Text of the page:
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‘A reckoning for our species’: the philosopher prophet of the Anthropocene

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Alex Blasdel writes in the Guardian:

A few years ago, Björk began corresponding with a philosopher whose books she admired. “hi timothy,” her first message to him began. “i wanted to write this letter for a long time.” She was trying to give a name to her own singular genre, to label her work for posterity before the critics did. She asked him to help define the nature of her art – “not only to define it for me, but also for all my friends, and a generation actually.”

It turned out the philosopher, Timothy Morton, was a fan of Björk. Her music, he told her, had been “a very deep influence on my way of thinking and life in general”. The sense of eerie intimacy with other species, the fusion of moods in her songs and videos – tenderness and horror, weirdness and joy – “is the feeling of ecological awareness”, he said. Morton’s own work is about the implications of this strange awareness – the knowledge of our interdependence with other beings – which he believes undermines long-held assumptions about the separation between humanity and nature. For him, this is the defining characteristic of our times, and it is compelling us to change our “core ideas of what it means to exist, what Earth is, what society is”.

Over the past decade, Morton’s ideas have been spilling into the mainstream. Hans Ulrich Obrist, the artistic director of London’s Serpentine gallery, and perhaps the most powerful figure in the contemporary art world, is one of his loudest cheerleaders. Obrist told readers of Vogue that Morton’s books are among the pre-eminent cultural works of our time, and recommends them to many of his own collaborators. The acclaimed artist Olafur Eliasson has been flying Morton around the world to speak at his major exhibition openings. Excerpts from Morton’s correspondence with Björk were published as part of her 2015 retrospective at the Museum of Modern Art in New York.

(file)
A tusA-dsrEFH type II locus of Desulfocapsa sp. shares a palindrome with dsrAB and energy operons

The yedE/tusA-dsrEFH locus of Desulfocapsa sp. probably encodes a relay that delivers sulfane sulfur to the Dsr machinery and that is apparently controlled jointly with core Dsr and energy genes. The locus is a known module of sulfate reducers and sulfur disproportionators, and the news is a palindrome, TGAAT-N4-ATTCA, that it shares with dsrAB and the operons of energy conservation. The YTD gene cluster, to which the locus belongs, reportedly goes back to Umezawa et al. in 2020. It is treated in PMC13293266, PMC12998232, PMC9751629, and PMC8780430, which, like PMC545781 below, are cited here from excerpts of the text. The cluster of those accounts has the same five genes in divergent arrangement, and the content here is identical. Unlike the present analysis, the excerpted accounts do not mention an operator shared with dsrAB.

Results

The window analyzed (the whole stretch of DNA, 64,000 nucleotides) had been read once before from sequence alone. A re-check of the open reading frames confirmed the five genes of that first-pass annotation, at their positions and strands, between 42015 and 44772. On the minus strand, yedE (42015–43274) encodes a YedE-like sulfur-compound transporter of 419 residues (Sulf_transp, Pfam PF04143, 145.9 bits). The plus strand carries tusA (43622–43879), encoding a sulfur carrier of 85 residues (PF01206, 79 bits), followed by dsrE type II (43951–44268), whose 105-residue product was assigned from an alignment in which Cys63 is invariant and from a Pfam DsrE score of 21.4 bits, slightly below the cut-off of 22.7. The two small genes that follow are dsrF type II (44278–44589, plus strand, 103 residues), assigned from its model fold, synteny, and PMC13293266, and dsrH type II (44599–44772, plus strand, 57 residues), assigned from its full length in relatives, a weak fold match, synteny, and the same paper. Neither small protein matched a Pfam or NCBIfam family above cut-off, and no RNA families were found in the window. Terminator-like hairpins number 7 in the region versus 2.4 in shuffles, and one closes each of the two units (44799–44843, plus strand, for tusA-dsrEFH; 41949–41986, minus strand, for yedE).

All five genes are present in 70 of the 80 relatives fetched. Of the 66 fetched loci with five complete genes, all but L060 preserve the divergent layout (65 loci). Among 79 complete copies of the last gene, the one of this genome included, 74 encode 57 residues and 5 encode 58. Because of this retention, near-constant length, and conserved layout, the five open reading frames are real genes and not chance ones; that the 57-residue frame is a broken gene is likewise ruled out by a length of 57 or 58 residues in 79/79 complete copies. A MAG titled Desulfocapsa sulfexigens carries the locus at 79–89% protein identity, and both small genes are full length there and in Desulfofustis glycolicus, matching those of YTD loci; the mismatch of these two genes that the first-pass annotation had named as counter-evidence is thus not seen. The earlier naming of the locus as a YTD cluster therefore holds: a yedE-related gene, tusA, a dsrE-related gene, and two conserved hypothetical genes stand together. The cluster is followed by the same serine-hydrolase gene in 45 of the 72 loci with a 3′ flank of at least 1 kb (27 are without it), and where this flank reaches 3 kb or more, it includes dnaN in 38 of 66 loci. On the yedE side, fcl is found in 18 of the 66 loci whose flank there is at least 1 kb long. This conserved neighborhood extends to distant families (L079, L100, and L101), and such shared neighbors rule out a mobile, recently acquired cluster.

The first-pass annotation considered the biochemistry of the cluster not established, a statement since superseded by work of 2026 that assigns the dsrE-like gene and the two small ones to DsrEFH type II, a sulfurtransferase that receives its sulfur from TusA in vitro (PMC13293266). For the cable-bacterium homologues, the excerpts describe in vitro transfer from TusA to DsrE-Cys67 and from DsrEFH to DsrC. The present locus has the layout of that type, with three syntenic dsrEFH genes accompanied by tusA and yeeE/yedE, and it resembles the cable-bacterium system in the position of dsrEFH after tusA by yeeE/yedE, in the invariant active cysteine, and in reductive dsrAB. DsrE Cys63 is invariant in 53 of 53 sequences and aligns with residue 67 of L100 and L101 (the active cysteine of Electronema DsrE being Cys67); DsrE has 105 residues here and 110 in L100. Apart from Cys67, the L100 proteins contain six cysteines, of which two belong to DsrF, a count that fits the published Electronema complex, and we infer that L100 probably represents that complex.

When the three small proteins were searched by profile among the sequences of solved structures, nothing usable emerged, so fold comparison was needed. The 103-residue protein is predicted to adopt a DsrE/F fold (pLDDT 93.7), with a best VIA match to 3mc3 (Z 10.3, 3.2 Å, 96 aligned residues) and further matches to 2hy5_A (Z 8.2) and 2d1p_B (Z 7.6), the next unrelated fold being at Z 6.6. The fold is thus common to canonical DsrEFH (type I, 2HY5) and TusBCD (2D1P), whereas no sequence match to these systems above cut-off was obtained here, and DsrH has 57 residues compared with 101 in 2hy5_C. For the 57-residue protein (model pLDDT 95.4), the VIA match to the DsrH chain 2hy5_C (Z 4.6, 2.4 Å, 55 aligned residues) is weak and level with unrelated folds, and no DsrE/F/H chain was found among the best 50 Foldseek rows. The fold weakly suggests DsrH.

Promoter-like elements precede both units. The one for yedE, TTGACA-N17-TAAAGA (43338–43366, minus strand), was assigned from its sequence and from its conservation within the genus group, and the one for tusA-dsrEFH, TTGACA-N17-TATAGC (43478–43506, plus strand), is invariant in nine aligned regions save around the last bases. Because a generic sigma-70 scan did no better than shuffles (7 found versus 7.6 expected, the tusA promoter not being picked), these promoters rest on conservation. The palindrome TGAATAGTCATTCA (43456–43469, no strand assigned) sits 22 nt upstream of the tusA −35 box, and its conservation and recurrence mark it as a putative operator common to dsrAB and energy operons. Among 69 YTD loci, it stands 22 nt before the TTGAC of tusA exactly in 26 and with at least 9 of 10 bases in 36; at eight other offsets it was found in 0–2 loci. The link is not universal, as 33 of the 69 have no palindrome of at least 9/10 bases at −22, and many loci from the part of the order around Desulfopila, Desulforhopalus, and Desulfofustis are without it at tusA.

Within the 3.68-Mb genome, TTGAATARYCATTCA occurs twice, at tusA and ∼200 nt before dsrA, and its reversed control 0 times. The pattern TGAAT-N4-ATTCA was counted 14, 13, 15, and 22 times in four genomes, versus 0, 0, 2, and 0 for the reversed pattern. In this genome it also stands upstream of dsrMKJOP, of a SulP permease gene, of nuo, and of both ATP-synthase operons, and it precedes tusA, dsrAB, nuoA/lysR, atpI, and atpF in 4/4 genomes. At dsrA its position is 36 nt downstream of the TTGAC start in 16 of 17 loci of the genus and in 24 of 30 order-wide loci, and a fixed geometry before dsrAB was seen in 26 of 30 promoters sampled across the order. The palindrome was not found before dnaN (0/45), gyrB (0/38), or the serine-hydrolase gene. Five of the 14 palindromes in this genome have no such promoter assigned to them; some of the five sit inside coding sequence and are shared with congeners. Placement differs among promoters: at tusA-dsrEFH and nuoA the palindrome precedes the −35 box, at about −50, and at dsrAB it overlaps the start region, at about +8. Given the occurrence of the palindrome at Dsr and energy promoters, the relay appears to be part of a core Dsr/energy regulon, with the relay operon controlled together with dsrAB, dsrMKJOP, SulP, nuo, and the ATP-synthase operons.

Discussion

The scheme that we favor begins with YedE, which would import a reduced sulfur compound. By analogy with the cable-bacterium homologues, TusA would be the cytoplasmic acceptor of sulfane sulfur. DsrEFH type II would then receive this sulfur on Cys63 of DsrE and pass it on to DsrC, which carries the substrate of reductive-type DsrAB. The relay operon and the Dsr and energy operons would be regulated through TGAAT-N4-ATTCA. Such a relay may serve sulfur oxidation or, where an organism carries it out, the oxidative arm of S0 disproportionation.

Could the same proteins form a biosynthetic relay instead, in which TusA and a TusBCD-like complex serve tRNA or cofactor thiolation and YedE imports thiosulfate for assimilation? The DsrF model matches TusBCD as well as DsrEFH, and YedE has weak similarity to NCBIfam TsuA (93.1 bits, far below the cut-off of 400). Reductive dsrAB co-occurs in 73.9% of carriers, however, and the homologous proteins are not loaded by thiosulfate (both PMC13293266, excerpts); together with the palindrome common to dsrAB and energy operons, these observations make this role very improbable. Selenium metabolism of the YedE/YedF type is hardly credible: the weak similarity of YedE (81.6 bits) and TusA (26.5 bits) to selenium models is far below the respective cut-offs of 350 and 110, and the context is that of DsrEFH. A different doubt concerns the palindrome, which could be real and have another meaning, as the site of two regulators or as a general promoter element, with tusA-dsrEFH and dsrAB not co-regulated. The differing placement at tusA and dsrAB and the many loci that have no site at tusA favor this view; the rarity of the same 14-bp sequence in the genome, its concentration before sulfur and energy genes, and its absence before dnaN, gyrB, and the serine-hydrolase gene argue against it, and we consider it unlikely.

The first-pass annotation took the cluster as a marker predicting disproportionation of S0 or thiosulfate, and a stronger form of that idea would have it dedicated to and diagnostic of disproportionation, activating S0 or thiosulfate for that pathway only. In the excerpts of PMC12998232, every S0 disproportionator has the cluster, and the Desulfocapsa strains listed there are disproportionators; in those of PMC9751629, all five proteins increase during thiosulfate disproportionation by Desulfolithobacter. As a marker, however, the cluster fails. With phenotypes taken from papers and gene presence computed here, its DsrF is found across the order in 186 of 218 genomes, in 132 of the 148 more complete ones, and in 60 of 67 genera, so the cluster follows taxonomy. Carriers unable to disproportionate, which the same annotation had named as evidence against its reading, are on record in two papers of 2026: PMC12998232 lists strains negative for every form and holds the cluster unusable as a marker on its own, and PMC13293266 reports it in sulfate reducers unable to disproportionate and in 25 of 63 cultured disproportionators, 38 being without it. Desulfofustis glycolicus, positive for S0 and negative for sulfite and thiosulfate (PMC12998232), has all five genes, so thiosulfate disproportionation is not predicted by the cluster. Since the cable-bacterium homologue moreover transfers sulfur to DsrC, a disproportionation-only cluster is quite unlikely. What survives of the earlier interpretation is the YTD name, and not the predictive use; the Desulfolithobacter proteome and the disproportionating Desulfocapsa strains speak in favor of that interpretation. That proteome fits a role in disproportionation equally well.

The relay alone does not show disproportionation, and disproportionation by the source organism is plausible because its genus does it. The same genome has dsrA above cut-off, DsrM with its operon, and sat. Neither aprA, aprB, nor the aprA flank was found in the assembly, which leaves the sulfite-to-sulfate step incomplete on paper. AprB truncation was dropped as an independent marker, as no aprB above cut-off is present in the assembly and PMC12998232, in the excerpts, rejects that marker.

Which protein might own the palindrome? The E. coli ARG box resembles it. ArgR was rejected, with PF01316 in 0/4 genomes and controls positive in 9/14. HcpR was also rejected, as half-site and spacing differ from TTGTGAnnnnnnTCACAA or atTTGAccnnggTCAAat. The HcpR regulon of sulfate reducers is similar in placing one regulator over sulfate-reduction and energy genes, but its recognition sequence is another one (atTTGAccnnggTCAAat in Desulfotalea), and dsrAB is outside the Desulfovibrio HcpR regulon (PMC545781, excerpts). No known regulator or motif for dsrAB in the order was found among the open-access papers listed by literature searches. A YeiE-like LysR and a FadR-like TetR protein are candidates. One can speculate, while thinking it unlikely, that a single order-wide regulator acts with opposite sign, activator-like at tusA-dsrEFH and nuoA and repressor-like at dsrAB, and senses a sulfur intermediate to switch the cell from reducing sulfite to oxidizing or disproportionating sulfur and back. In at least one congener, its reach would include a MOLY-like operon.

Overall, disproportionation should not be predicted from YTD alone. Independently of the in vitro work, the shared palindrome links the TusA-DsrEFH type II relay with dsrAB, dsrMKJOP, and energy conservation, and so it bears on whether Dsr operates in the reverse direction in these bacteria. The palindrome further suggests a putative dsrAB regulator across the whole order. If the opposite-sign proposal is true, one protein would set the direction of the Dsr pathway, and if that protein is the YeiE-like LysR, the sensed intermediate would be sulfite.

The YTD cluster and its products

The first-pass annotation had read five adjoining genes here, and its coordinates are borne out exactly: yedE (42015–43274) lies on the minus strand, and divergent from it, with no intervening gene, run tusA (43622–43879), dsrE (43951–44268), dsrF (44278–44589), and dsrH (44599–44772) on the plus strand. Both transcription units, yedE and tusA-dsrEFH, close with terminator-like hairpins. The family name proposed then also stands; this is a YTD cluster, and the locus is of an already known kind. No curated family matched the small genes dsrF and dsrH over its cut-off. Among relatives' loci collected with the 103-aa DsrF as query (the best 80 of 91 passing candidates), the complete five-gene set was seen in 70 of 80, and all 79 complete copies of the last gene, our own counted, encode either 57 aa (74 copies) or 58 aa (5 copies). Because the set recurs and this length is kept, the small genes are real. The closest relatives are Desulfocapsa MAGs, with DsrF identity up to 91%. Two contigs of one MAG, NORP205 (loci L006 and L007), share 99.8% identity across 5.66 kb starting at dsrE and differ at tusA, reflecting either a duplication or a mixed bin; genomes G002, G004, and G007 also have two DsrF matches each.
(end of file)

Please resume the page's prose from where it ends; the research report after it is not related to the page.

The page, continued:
Morton’s terminology is “slowly infecting all the humanities”, says his friend and fellow thinker Graham Harman. Though many academics have a reputation for writing exclusively for their colleagues down the hall, Morton’s peculiar conceptual vocabulary – “dark ecology”, “the strange stranger”, “the mesh” – has been picked up by writers in a cornucopia of fields, from literature and epistemology to legal theory and religion. Last year, he was included in a much-discussed list of the 50 most influential living philosophers. His ideas have also percolated into traditional media outlets such as Newsweek, the New Yorker and the New York Times.

Part of what makes Morton popular are his attacks on settled ways of thinking. His most frequently cited book, Ecology Without Nature, says we need to scrap the whole concept of “nature”. He argues that a distinctive feature of our world is the presence of ginormous things he calls “hyperobjects” – such as global warming or the internet – that we tend to think of as abstract ideas because we can’t get our heads around them, but that are nevertheless as real as hammers. He believes all beings are interdependent, and speculates that everything in the universe has a kind of consciousness, from algae and boulders to knives and forks. He asserts that human beings are cyborgs of a kind, since we are made up of all sorts of non-human components; he likes to point out that the very stuff that supposedly makes us us – our DNA – contains a significant amount of genetic material from viruses. He says that we’re already ruled by a primitive artificial intelligence: industrial capitalism. At the same time, he believes that there are some “weird experiential chemicals” in consumerism that will help humanity prevent a full-blown ecological crisis.

Morton’s theories might sound bizarre, but they are in tune with the most earth-shaking idea to emerge in the 21st century: that we are entering a new phase in the history of the planet – a phase that Morton and many others now call the “Anthropocene”.